Fighting fatigue: APIA introduces new risk management guidelines

It is certainly a grim picture to paint, yet fatigue has been identified as one of the most dangerous factors affecting workers, particularly in the pipeline industry.

The consequences of fatigue can be serious for worker safety when poorly mitigated and managed; indeed some of the most catastrophic disasters in recent decades have been attributed to fatigue.

Worker fatigue is not just a risk to an individual’s safety; it also poses serious dangers to others present in the working environment, as well as the wider community.

While fatigue has always been considered as a detrimental factor, particularly in industry circles, it is now becoming better understood.

As a result an increased focus has been placed on understanding and managing the impacts of fatigue on a workers’ cognitive and physical performance.

APIA has highlighted the risks that fatigue poses to the pipeline industry in its Fatigue Risk Management Guidelines: A Guide to Proactively Managing Fatigue in the Australian Pipeline Industry (Guidelines).

APIA, through the Guidelines, is encouraging members to focus on implementing Fatigue Risk Management System’s (FRMS) across the industry.

“We now know from the Fatigue Management Study (conducted by TMS Consulting) that focusing on a single factor like the roster cycle or the length of a shift only addresses part of the risk,” said APIA Chief Executive Cheryl Cartwright.

“The factors affecting fatigue are many and they can interact. Health, exercise and the quality and quantity of sleep are just as important as the number of hours worked and the type of work undertaken”.

According to TMS Consulting, authors of the APIA fatigue guidelines, good fatigue management practices encompass a FRMS that incorporates a systematic approach to risk management, adequate training and education for workers, and well-developed and implemented policies and procedures to support proactive fatigue management strategies.

The guidelines provide further advice that a FRMS should contain the following at a minimum:

  • Fatigue risk management policy – The policy document is essentially the written version of the FRMS and aids the organisation in coordinating all of its efforts to improving safety.
  • Hours of work monitoring – When planning work schedules and rosters, consideration may be given to the implementation of fatigue monitoring software or roster risk assessment tools to assess the fatigue-related risks associated with planned and actual hours of work.
  • Fatigue risk management processes – Like any other hazard, fatigue must be risk managed using a step-by-step process known as the risk management process.
  • Fatigue management training and education for employees, management and families – Appropriate training and education should be provided to workers and their families to assist them identify the signs and symptoms of fatigue, and provide them with information and techniques to manage fatigue effectively.
  • Fatigue reporting system for employees – The work culture of an organisation should encourage appropriate handling of fatigue-related incidents and accidents, avoiding under-reporting or poor reporting of workplace injuries and illness. Fatigue must not be a taboo topic.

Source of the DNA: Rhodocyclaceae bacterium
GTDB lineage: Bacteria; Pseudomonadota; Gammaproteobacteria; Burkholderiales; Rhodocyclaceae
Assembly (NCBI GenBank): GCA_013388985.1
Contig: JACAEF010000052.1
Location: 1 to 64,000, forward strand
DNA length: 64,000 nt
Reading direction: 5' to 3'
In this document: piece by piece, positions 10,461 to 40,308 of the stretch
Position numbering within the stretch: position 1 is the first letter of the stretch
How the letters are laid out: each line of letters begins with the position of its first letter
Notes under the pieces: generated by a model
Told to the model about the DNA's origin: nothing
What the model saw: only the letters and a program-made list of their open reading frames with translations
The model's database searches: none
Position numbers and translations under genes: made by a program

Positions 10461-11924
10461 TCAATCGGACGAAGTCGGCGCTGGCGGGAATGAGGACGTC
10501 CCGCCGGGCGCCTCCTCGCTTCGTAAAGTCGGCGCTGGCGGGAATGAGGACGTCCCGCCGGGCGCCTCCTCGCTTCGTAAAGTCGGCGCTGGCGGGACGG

• Sleep disorder management – A critical link between sleeping disorders and fatigue is that disrupted sleep (induced by sleeping disorders) results in greater daytime sleepiness and falling asleep through the day. Profiling the prevalence of sleeping disorders and putting in place systems to assist workers identify, monitor and manage sleep disorders is another important step in understanding and managing fatigue risk.
  • Fatigue incident investigation – Investigating whether fatigue contributed to an incident provides the opportunity to identify the absence of appropriate and effective hazard control measures in the FRMS.
  • Internal and external auditing and safety assurance processes – The FRMS should be monitored for continuous improvement and to ensure it is flexible to change with changing work practices or functions.

“It is also important that organisations hard-wire the FRMS into their day-to-day processes. That has a lot to do with not only training and education, but also leadership and company culture. The ultimate goal is for fatigue management to become the way we do things around here,” explained TMS Consulting Organisational Psychologist, Teegan Modderman.

A FRMS Implementation Checklist has been included in the guidelines and provides organisations with the steps required to establish support and governance for the FRMS, develop and implement the FRMS and enable and embed cultural change.

Mark Twycross, Director of APIA and Chair of the APIA Health, Safety and Environment Committee commented that the finalisation of the Guidelines was the culmination of a number of years of studying work on pipeline projects and, through a recent survey of members of APIA, the Committee had received positive feedback on the implementation of the Guidelines by members.

APIA members and pipeline industry companies are encouraged to read the full APIA Fatigue Risk Management Guidelines document, which can be accessed at

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